In April the government abolished an interministerial council created in 2013 to counteract racial discrimination, xenophobia, and related intolerance on the basis the council was “inefficient.” Ombudsman Adam Bodnar stated the decision was “shameful” adding, “the council is absolutely necessary amid the increasing number of racially motivated attacks and rising xenophobia.” The council was not specifically tasked with combating discrimination or intolerance towards religious minorities, but in many cases religion and ethnicity were often closely linked. In November the interior ministry liquidated a small human rights team responsible for monitoring racist and xenophobic incidents around the country. According to the interior ministry, the monitoring tasks were taken over by other ministry units.

In June Warsaw prosecutors suspended an investigation into a 2015 case of internet hate speech against Syrian refugees in which some internet users suggested refugees be placed in former Nazi concentration camps and exterminated. Prosecutors stated they could not identify the authors of the hate speech, but the Open Republic Association Against Anti-Semitism and Xenophobia, an NGO, said prosecutors could have made a greater effort to identify the offenders by, for example, eliciting the cooperation of Facebook.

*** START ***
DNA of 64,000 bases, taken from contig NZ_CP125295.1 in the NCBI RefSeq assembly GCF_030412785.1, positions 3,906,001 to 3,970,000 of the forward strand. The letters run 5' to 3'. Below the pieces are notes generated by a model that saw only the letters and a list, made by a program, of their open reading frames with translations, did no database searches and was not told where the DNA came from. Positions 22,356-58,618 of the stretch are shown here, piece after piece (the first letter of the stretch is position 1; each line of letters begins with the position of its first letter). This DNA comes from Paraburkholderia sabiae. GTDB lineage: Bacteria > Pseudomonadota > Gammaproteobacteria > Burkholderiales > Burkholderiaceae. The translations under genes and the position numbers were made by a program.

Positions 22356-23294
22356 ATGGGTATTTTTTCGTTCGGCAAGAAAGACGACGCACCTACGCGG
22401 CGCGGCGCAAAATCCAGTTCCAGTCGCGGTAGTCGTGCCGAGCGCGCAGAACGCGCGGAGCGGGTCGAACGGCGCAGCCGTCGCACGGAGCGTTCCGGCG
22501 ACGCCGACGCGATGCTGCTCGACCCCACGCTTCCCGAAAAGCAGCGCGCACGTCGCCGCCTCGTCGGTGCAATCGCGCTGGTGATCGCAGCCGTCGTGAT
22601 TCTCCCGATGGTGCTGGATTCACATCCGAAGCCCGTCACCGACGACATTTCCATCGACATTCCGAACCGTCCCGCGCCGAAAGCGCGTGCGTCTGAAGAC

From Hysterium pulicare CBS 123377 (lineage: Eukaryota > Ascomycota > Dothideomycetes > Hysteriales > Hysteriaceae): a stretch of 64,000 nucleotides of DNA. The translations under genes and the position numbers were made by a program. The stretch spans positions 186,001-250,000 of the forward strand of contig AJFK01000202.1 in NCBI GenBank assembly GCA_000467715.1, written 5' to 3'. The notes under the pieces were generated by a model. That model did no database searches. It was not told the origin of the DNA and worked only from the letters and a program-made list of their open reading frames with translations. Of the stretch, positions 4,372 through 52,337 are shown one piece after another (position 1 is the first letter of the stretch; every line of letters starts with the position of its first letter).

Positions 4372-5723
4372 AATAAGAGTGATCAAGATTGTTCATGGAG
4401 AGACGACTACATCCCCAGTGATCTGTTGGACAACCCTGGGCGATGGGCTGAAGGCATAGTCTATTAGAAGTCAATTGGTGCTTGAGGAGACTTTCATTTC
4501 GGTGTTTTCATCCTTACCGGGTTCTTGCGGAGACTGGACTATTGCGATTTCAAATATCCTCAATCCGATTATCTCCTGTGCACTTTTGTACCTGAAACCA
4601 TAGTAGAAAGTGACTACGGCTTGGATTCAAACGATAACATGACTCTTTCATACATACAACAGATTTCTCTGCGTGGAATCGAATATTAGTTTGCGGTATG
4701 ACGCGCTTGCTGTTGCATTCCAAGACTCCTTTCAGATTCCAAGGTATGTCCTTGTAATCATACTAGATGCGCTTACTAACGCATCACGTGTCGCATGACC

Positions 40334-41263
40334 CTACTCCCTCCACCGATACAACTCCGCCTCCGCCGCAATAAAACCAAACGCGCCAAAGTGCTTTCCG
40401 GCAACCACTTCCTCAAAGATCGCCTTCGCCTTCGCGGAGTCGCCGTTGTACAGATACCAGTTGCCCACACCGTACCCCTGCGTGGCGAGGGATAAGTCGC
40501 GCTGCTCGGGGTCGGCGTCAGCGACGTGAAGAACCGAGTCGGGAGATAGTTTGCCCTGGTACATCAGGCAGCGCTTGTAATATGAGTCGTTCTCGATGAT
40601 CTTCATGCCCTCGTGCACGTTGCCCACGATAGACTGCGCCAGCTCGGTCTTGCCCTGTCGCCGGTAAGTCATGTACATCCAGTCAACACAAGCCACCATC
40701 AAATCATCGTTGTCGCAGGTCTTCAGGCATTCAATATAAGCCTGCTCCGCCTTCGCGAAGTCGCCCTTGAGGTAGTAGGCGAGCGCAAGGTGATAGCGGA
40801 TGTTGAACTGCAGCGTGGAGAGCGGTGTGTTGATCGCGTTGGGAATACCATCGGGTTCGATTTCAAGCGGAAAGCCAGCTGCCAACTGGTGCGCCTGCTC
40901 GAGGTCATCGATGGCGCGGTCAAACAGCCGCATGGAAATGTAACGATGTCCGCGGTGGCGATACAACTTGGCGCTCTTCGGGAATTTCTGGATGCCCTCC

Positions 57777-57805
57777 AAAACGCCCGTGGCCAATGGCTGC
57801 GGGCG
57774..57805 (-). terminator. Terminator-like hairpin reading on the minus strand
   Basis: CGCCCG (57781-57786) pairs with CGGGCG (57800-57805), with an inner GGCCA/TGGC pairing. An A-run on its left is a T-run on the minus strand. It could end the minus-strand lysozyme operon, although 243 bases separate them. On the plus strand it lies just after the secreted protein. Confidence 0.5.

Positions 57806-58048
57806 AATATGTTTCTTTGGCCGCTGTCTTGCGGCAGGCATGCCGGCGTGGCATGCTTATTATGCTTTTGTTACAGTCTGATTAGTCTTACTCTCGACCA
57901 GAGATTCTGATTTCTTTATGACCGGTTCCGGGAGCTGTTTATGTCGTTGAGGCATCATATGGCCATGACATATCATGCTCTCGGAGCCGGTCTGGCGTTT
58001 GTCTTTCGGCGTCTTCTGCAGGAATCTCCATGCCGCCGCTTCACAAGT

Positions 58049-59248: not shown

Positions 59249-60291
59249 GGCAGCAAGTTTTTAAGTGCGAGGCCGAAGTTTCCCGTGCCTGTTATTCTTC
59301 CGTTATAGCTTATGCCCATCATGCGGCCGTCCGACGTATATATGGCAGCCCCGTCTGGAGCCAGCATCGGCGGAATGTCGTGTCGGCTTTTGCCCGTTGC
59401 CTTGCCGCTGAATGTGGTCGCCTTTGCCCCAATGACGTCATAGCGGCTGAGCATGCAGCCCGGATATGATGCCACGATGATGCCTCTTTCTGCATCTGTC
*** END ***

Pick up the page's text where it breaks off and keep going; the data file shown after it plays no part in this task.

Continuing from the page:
In September the Bialystok district prosecutor’s office discontinued an investigation into Roman Catholic priest Jacek Miedlar for a sermon he gave in April during the 82nd anniversary celebration of the nationalist political association National Radical Camp (ONR). Miedlar referred to Jews as a “cancer which swept across Poland” during his sermon in the Bialystok cathedral, which preceded an ONR march with anti-immigrant slogans. The investigating prosecutor decided Miedlar’s sermon did not incite hatred as it did not stigmatize a particular nationality and “referred to historical content and the Bible, pointed to examples of negative behavior of the representatives of the Jewish community from the time of slavery in Egypt, and generally referring to modern times.” Catholic leaders apologized for allowing ONR use of the cathedral. The Church announced it had banned Miedlar from making public statements after the April sermon.